Know your limits.
I could not make it to all of the doctors’ appointments a medically fragile case would need. Maybe someday, but not today. I’m not equipped to take therapeutic cases. Maybe someday, but not today. Unplanned maternity leave isn’t really an option right now, so neither is a newborn. Maybe someday, but not today.
I know your heart breaks for every kid, every age, every ability, every sibling group of every size. Mine does, too. You must be honest with yourself and your case workers, though. If you take on more than you should, it may end in a disrupted placement. Sometimes, a disrupted placement is inevitable, and there’s no shame in that. (Though you will shame yourself and feel guilty, and others may not understand, so they may say hurtful things.) But knowing your limits can help you avoid it whenever possible. And along the same lines…
Don’t feel guilty about what you can’t do.
You cannot change the world for every child. You will want to. There are thousands of other kids in foster care in my state on any given day, but my greatest responsibility is to the child in my home right now, and right now is not our time to expand our family. Because of L.’s issues with loss, it would not be healthy for me to bring another child into the home—especially a child who may leave. Maybe someday, but not today.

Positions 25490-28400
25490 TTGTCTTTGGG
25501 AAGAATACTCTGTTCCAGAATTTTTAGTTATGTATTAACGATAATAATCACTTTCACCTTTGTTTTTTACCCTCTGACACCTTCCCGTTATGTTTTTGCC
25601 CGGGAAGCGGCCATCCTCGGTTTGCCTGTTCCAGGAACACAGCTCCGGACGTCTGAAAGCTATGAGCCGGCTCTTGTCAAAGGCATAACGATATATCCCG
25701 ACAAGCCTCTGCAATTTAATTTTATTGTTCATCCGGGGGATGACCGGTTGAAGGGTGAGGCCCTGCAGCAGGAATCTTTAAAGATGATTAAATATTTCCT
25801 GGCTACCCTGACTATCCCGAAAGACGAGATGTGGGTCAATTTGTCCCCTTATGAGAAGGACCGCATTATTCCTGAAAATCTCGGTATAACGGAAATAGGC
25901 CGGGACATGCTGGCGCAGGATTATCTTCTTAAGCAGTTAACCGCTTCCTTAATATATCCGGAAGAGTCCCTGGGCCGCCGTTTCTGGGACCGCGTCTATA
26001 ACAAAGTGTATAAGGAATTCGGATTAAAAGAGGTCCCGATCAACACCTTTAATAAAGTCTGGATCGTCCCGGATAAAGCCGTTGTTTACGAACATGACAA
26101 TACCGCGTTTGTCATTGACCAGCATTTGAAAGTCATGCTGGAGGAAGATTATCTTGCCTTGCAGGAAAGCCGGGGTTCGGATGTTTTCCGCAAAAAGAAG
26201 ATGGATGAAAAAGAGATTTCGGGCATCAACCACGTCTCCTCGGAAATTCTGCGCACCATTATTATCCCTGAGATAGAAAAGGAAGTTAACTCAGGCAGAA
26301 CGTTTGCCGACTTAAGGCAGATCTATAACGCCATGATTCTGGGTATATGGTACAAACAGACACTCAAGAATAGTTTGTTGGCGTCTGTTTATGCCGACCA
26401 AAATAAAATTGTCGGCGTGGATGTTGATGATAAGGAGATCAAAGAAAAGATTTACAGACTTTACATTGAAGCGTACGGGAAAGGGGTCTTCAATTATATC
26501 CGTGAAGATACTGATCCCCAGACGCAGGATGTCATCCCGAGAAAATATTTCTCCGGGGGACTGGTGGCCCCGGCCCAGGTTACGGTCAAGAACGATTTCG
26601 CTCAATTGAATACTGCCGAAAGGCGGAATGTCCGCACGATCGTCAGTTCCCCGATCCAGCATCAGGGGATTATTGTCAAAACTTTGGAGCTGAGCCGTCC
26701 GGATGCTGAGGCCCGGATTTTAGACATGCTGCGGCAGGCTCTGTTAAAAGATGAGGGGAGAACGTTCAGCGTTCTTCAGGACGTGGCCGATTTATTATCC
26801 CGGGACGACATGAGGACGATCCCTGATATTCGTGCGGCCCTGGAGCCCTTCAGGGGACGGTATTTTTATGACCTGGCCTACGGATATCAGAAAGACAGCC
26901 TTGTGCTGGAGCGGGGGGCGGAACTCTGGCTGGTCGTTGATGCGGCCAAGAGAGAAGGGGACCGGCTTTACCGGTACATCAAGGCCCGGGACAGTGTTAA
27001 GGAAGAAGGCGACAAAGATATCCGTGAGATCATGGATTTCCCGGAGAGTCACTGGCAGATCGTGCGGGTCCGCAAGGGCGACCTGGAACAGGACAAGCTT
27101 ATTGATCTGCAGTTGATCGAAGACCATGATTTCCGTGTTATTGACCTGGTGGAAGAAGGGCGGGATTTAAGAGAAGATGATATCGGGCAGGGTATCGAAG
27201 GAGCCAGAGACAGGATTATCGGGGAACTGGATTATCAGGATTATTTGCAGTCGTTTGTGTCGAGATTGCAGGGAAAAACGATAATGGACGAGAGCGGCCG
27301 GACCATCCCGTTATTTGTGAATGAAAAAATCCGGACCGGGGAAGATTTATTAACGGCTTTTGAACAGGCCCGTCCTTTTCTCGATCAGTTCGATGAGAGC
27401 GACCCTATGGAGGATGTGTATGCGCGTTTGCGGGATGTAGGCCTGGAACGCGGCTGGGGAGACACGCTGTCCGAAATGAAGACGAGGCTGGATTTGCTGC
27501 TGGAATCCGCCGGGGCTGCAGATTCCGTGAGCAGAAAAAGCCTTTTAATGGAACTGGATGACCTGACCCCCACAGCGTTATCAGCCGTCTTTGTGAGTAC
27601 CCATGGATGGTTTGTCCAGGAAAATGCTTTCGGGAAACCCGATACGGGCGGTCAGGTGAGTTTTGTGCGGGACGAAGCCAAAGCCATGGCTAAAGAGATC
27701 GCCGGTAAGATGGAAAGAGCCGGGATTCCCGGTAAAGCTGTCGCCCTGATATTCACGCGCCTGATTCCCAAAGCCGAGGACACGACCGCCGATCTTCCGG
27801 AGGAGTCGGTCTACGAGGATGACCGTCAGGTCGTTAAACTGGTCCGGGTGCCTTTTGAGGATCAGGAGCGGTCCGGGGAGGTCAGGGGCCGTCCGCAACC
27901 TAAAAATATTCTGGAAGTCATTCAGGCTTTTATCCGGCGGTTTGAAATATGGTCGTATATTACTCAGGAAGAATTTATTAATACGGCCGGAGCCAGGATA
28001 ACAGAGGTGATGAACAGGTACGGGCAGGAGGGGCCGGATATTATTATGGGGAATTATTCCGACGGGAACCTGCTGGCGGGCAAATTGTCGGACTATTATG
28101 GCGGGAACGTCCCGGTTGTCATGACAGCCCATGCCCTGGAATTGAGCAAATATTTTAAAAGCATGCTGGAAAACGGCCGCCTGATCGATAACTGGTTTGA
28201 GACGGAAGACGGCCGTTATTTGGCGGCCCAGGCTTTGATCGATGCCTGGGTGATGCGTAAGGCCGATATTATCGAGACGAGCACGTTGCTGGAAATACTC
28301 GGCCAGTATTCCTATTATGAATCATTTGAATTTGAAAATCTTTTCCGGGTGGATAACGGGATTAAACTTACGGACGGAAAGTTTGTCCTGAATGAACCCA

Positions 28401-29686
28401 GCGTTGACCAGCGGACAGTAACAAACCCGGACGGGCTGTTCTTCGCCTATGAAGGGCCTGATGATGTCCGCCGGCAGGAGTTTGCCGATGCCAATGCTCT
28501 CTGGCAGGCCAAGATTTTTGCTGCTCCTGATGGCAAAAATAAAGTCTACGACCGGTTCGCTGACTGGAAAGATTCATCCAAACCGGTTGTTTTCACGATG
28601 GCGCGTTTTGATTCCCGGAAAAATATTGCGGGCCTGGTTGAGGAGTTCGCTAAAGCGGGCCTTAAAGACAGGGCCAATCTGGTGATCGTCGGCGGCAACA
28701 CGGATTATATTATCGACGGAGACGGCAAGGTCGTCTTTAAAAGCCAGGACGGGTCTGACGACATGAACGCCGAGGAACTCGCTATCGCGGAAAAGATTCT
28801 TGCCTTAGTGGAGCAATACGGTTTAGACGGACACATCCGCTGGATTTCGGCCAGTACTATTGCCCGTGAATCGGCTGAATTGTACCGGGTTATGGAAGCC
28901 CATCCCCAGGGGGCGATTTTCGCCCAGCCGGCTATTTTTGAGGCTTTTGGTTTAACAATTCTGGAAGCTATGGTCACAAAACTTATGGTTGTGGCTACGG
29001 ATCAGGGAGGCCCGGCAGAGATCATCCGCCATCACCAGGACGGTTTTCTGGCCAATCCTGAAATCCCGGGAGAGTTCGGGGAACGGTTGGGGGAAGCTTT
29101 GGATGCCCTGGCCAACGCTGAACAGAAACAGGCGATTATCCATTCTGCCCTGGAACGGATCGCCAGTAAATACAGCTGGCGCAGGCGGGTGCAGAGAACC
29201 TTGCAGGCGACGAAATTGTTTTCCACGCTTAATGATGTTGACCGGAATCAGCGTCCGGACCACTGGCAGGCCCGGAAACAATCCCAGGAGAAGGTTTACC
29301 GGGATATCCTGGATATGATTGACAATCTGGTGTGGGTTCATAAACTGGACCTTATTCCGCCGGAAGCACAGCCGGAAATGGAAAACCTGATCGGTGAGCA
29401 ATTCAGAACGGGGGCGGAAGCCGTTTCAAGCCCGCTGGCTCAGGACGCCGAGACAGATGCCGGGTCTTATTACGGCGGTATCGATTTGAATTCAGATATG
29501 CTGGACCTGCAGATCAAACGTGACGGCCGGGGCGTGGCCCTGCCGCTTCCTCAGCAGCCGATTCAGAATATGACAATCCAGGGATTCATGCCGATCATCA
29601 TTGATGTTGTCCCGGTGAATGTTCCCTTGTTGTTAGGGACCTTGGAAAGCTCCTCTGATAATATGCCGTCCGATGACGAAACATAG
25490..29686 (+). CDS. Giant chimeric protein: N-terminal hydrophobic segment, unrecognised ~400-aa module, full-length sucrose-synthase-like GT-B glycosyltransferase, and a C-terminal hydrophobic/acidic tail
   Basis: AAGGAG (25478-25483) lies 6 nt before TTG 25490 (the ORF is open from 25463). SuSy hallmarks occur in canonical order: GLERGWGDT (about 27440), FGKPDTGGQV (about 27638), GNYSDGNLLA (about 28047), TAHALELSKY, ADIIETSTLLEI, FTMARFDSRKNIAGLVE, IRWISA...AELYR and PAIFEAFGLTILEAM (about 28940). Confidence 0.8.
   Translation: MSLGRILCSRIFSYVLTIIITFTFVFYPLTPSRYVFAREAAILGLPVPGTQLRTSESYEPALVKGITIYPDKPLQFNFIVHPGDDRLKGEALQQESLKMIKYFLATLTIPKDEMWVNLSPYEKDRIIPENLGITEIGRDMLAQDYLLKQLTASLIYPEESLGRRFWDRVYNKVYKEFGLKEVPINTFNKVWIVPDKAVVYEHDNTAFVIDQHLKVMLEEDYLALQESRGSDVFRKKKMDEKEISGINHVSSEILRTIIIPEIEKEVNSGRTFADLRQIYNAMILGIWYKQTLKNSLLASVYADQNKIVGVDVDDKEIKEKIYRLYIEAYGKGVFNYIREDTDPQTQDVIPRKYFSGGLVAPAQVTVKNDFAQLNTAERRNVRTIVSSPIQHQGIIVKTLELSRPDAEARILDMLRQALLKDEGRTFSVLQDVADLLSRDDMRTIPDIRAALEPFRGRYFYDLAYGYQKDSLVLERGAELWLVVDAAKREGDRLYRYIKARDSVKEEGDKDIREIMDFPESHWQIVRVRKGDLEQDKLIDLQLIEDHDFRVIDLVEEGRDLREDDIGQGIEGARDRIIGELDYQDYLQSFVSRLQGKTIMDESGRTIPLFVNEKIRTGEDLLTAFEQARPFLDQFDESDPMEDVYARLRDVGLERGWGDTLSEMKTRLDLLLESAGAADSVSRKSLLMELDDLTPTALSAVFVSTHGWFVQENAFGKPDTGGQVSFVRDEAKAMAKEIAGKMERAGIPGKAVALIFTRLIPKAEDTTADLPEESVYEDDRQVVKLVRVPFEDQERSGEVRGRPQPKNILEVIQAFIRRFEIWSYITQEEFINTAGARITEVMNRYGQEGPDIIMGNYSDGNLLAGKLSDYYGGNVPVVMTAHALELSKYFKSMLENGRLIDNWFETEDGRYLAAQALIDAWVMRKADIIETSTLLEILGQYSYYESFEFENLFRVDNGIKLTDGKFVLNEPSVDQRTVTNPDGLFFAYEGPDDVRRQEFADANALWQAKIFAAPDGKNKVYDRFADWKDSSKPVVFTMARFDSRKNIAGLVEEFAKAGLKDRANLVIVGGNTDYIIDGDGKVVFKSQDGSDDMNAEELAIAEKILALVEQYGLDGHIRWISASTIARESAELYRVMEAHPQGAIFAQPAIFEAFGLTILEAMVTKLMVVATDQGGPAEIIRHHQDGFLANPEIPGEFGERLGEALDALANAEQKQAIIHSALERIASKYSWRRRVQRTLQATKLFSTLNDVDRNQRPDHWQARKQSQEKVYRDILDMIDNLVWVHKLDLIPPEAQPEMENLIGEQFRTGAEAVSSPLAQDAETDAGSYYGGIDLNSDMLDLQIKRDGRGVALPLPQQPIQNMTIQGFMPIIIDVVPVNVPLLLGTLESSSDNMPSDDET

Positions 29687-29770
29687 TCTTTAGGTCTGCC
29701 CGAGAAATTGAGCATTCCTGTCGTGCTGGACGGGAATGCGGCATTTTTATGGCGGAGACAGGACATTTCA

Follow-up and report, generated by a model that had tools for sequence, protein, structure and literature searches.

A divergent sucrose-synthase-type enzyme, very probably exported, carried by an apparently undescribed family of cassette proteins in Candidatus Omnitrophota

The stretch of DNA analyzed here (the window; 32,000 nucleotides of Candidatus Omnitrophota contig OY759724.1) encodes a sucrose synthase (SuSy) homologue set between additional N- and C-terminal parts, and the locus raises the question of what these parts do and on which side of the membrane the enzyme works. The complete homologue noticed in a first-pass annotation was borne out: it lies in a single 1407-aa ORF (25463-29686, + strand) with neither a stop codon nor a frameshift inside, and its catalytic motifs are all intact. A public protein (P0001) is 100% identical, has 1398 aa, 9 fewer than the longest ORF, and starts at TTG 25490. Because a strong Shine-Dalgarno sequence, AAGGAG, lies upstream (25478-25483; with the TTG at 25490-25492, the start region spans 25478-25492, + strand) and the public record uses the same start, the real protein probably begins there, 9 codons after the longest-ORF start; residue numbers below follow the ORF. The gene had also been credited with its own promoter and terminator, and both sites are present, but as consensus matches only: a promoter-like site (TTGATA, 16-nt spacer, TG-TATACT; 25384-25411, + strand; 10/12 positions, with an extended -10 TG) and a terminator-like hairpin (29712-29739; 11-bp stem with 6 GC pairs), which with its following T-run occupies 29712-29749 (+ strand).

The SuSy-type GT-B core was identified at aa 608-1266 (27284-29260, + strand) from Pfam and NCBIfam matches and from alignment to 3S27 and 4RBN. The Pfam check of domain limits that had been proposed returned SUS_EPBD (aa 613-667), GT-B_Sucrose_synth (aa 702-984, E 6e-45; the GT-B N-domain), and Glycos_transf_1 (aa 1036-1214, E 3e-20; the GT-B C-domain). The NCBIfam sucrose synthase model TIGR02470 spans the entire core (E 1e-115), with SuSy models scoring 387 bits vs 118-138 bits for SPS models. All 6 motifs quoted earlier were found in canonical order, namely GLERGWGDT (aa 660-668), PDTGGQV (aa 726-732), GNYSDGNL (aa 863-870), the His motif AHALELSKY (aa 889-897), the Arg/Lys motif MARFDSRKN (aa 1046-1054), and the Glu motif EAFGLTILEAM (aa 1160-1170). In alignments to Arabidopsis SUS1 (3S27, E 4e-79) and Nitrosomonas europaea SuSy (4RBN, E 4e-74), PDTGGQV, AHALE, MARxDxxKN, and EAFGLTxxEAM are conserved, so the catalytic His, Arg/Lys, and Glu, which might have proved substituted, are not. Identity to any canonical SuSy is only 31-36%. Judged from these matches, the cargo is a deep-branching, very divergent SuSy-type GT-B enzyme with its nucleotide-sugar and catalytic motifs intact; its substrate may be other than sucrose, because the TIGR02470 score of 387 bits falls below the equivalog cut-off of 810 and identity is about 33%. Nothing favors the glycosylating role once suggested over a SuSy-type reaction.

Cut yourself some slack.
Get rid of your Pinterest boards. Seriously. Do it now. I’ll wait. You may have the best intentions of all organic meat and starting a vegetable plot in the back yard and beautifully organized play rooms and hand-made gifts and in-depth bible studies and family exercise plans and PTA and volunteering and coaching little league and educational games and magical birthday parties and play dates and…and…and… You cannot do all of them, and even if you could, your child probably won’t let you. Many kids in care will refuse to eat anything but peanut butter sandwiches and McNuggets. The first season I tried to get my kid to play a sport was torture, and he won’t even let me throw him a birthday party. Do your best. Know your capacity. And, most importantly, learn your kid’s capacity.
Be prepared to know hard things.